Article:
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Home • Neocallimastix sp. WI3-B v1.0
Life stages and host of N. stellae A) Wildebeest host from which N. stellae was isolated. B) Multiple sporangia (indicated by arrows), demonstrating the predominantly spherical to ovoid structure. C) Large spherical sporangium growing on corn stover biomass. D) Spherical zoospores with multiple flagella strewn out. E) DAPI-stained monocentric sporangia displaying multiple zoospore. Images by Ethan Hillman.
Life stages and host of N. stellae A) Wildebeest host from which N. stellae was isolated. B) Multiple sporangia (indicated by arrows), demonstrating the predominantly spherical to ovoid structure. C) Large spherical sporangium growing on corn stover biomass. D) Spherical zoospores with multiple flagella strewn out. E) DAPI-stained monocentric sporangia displaying multiple zoospore. Images by Ethan Hillman.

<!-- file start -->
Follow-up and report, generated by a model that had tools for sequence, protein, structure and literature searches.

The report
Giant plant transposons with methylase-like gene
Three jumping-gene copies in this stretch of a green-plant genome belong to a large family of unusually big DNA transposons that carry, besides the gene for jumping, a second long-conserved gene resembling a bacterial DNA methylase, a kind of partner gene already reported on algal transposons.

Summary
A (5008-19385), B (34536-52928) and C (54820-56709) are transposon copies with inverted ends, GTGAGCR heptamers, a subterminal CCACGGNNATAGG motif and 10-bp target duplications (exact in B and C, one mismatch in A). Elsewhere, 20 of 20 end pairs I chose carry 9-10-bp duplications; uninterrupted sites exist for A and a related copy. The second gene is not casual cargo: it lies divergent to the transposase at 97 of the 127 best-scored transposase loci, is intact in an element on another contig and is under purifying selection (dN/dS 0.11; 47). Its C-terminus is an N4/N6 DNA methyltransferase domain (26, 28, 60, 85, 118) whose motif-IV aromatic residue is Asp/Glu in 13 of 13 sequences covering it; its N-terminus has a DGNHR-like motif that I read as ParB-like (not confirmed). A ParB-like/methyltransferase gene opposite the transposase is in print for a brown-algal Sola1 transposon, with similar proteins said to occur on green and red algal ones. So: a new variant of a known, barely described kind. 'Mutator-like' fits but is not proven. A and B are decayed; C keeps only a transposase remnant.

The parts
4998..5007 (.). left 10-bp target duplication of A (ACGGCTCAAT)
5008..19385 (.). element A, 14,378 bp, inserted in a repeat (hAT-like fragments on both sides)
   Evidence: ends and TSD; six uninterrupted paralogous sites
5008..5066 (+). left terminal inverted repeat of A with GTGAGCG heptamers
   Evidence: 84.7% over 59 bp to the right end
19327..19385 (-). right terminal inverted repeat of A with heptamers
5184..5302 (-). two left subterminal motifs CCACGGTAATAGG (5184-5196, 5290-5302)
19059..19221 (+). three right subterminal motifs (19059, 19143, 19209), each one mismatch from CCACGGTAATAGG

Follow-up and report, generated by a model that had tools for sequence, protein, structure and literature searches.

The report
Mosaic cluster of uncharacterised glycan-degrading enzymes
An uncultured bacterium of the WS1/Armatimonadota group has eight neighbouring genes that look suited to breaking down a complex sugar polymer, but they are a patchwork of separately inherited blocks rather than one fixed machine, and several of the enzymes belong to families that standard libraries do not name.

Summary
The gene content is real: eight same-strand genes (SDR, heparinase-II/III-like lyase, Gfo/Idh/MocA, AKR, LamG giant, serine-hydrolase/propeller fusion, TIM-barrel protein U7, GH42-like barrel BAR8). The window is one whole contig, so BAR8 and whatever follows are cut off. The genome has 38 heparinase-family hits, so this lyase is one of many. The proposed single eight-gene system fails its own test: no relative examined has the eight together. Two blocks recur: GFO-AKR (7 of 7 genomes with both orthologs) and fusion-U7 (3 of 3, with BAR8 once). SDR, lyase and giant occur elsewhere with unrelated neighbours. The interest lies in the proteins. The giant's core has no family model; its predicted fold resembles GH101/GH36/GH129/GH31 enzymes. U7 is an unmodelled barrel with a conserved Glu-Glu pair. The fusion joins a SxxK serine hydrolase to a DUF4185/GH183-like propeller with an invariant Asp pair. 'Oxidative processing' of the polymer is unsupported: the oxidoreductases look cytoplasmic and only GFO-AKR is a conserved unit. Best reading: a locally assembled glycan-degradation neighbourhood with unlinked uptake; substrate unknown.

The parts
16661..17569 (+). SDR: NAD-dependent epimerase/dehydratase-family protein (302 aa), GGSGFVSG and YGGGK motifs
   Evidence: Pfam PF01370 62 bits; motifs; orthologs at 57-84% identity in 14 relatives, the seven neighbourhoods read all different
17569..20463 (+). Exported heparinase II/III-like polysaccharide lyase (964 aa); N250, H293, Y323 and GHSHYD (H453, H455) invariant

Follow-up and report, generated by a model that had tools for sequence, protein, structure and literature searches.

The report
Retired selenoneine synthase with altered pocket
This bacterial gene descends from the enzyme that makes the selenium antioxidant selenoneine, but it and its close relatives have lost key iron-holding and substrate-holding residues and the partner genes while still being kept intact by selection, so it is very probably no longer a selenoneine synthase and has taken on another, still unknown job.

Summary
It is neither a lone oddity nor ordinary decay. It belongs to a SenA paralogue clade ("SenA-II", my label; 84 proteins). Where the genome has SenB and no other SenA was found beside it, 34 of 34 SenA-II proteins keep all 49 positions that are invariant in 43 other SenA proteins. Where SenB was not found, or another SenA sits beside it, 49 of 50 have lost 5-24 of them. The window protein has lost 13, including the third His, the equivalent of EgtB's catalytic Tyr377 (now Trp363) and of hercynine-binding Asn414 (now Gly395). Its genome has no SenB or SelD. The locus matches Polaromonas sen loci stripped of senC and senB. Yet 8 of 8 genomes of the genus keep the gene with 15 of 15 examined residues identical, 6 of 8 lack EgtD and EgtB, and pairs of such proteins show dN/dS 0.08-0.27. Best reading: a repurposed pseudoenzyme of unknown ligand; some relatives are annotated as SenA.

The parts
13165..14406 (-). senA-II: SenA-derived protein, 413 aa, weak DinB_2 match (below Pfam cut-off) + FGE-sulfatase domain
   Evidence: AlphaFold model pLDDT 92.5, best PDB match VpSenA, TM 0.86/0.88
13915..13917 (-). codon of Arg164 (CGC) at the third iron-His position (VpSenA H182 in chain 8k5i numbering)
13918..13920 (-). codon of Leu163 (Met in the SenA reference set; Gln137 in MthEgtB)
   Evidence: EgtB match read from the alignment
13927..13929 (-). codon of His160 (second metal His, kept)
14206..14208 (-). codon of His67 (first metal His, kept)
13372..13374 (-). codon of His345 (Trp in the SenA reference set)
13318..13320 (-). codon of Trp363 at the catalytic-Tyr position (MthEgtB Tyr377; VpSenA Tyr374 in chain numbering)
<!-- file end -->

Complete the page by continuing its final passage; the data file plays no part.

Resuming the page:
Neocallimastix sp. WI3-B (proposed name Neocallimastix stellae after the wildebeest from which it was isolated) is an obligate anaerobic fungus isolated in 2017 from the feces of a wildebeest (Connochaetes gnou) housed at the Indianapolis Zoo (Indianapolis, Indiana). Obligately anaerobic fungi (phylum Chytridiomycota, class Neocallimastigomycetes) are commonly found within the digestive tracts of ruminants and hindgut fermenters (large herbivores), where they provide nutrition to the host animal by digesting fiber-rich plant substrates.  The species is monocentric, possessing a single oval zoosporangium, which develops up to 100 zoospores in a life cycle similar to other members of Chytridiomycota. The zoosporangium also develops an extensively branched rhizoidal system devoid of nuclei that grows invasively into plant material and secretes a wide range of carbohydrate active enzymes (CAZymes) to degrade plant biomass including corn stover, switchgrass, poplar, and alfalfa. The genome will aid in the discovery of novel CAZymes that are better suited to specific components of lignocellulosic biomass including enzymes more robust to lignin composition and accelerate studies in to the structure of anaerobic fungal genomes. Moreover, this genome will aid in our understanding of the genetic and epigenetic regulatory strategies these fungi use to adapt to substrate composition, ultimately paving the way for strain optimization and development.